We stopped for a bite to eat on the summit and after about 20 minutes made the decision to run the almost two mile long ridge to Grizzly. We guessed at how long it would take to make the crossing and figured we had a good two hour traverse coming to us. It was 10:15 and with nary a cloud in the sky, cross we would. The traverse to the first intermediate point was just a drop down to a saddle snow field and then a climb back to the next high point. I was not interested in claiming each individual point so I gained about half the elevation to the sub summit before simply traversing around the slope to pick up the next saddle with little unnecessary elevation gain. The idea worked fine and landed us on another snow slope that led gently to the next saddle.
Up until this point, the drop off was to the west but the next section of ridge offered a steep cliff ban on the Baldwin Lake side and a gentle slope on the reverse side. The "program" simply reverses so after we crossed the saddle, I again opted to traverse the back slope, making sure to gain elevation along the way but not enough to regain the ridge. As I came around, I could see that my rate of climb was perfect and would land me at the last saddle, which is the base of the climb to the summit of Grizzly. I stepped off the talus after another ten minutes or so and hiked the steep and then gentle slope to the summit proper. The top has a bump of jagged rock that first appears to be the top but in fact one goes on just a bit further to the actual summit.
Bob joined me after another couple of minutes and we took time for lunch. The crossing did in fact take us just a few minutes more than two hours and with still no clouds in the sky, we were in no hurry to bug out. After lunch, we opted to descend back to the last saddle before the summit and take a direct snow slope back to the willow covered slopes just above Baldwin Lake. The snow was not in the best of shape, pretty warm, but not moving or testy, and not to the point of postholing, except a few times near the bottom. We lost half the necessary elevation in no time and then picked and poked our way through the short willows to the outfall of the lake.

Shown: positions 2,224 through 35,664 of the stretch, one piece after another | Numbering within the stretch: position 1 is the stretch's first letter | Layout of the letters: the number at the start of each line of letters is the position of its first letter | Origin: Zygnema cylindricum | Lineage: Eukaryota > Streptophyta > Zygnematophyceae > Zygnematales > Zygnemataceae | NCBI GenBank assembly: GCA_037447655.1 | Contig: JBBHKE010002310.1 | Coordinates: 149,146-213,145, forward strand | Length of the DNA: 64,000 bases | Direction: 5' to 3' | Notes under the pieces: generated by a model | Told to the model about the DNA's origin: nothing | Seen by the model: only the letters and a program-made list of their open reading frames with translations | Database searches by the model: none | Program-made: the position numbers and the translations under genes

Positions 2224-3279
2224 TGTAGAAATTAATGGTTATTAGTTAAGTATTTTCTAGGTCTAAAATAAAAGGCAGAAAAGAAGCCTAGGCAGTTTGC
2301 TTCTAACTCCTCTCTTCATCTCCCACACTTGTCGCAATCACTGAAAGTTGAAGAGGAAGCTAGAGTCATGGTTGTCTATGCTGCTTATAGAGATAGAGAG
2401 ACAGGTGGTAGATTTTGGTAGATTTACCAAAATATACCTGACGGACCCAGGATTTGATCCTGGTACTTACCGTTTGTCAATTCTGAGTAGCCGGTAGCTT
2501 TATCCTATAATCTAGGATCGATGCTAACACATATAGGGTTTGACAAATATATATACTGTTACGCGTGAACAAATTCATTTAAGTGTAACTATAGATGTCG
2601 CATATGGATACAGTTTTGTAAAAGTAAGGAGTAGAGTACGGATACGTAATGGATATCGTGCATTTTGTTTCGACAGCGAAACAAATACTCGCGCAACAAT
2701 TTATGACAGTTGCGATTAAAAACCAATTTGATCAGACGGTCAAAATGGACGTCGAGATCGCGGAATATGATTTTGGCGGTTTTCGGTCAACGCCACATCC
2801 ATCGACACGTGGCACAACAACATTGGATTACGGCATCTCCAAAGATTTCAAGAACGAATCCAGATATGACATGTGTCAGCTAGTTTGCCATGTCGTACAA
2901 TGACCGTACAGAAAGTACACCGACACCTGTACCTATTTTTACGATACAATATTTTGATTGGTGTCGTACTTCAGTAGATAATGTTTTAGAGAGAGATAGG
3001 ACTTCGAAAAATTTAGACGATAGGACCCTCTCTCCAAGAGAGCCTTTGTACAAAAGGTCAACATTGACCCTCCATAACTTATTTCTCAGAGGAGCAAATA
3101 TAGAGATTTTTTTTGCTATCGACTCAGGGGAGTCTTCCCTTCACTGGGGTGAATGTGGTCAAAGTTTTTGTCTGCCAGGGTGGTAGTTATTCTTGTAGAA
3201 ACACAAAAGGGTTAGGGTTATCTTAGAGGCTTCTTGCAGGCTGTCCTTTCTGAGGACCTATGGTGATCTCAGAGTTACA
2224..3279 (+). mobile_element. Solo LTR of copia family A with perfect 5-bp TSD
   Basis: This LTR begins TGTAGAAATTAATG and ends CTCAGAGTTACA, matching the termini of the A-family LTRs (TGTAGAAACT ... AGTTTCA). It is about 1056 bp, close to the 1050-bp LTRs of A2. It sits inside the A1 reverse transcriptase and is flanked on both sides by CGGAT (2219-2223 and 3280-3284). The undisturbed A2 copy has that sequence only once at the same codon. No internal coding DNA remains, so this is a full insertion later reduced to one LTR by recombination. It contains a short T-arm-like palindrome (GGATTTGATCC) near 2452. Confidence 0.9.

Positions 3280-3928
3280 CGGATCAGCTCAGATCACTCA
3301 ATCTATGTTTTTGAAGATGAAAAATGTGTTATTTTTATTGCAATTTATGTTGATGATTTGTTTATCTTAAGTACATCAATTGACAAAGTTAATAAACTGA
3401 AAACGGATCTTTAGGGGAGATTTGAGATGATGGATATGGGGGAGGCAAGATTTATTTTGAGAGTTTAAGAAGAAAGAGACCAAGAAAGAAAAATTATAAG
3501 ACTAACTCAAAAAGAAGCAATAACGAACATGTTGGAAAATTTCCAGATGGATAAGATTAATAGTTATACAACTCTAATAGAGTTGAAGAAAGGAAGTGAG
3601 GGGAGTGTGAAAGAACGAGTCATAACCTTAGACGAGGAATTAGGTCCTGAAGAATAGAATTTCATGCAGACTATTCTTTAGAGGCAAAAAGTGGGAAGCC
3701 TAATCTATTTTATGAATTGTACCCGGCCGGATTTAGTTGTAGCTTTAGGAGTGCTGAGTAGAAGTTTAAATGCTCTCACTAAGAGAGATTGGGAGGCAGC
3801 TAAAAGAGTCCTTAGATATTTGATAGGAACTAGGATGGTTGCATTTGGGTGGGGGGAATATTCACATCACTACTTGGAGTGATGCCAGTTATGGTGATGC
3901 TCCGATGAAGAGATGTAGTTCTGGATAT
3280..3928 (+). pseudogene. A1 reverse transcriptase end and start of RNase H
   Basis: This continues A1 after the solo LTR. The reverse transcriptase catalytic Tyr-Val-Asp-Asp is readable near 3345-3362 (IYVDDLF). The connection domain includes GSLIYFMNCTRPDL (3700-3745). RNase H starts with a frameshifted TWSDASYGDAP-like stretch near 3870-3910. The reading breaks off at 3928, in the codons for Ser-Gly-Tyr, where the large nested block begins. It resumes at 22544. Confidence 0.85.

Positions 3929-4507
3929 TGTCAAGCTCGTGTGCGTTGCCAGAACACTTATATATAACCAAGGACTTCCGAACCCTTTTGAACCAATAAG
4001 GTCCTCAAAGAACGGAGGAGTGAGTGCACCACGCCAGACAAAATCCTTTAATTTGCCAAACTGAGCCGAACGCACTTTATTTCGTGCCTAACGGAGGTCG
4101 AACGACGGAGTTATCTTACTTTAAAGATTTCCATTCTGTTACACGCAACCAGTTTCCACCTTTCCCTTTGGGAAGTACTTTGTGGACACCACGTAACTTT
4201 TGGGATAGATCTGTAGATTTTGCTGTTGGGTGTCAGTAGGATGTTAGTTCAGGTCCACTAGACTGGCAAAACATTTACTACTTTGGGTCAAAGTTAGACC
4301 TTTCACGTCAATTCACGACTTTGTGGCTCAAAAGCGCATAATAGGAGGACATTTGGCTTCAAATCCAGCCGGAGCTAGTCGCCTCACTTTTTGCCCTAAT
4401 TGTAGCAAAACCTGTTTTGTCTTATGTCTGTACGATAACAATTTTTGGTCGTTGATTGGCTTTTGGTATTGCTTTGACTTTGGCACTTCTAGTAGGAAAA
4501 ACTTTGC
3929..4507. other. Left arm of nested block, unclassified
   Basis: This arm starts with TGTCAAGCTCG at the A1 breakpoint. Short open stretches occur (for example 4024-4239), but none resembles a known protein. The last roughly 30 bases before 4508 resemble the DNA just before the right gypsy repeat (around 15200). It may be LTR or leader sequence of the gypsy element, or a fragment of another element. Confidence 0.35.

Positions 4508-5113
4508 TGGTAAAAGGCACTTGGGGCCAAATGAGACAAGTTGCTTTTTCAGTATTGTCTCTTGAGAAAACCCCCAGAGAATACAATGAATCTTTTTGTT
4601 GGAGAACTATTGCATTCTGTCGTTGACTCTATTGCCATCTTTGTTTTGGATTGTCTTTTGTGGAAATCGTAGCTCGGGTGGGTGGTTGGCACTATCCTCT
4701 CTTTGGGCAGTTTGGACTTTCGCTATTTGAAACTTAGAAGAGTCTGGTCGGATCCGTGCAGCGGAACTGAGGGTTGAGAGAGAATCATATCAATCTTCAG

Piece of cake from there, just hit the road, scored two snow bridges to get across the outfall and an infeeder and hiked the road to the camp. Of course, just hike the road was really about a two mile jaunt with another thousand feet of fall. The cool winds of the upper slopes were now gone and by the time we reached the camp, it felt like summer in Las Vegas. We wasted no time in dropping the tent, packing the gear and heading for someplace where a cold one could be had. We even made it down the jeep road without a meeting with up bound traffic. Overall we were out for almost nine hours, covered the better part of 10 miles and for the second weekend in a row, I walked away with a 2'fer Bicentennial day in the mountains.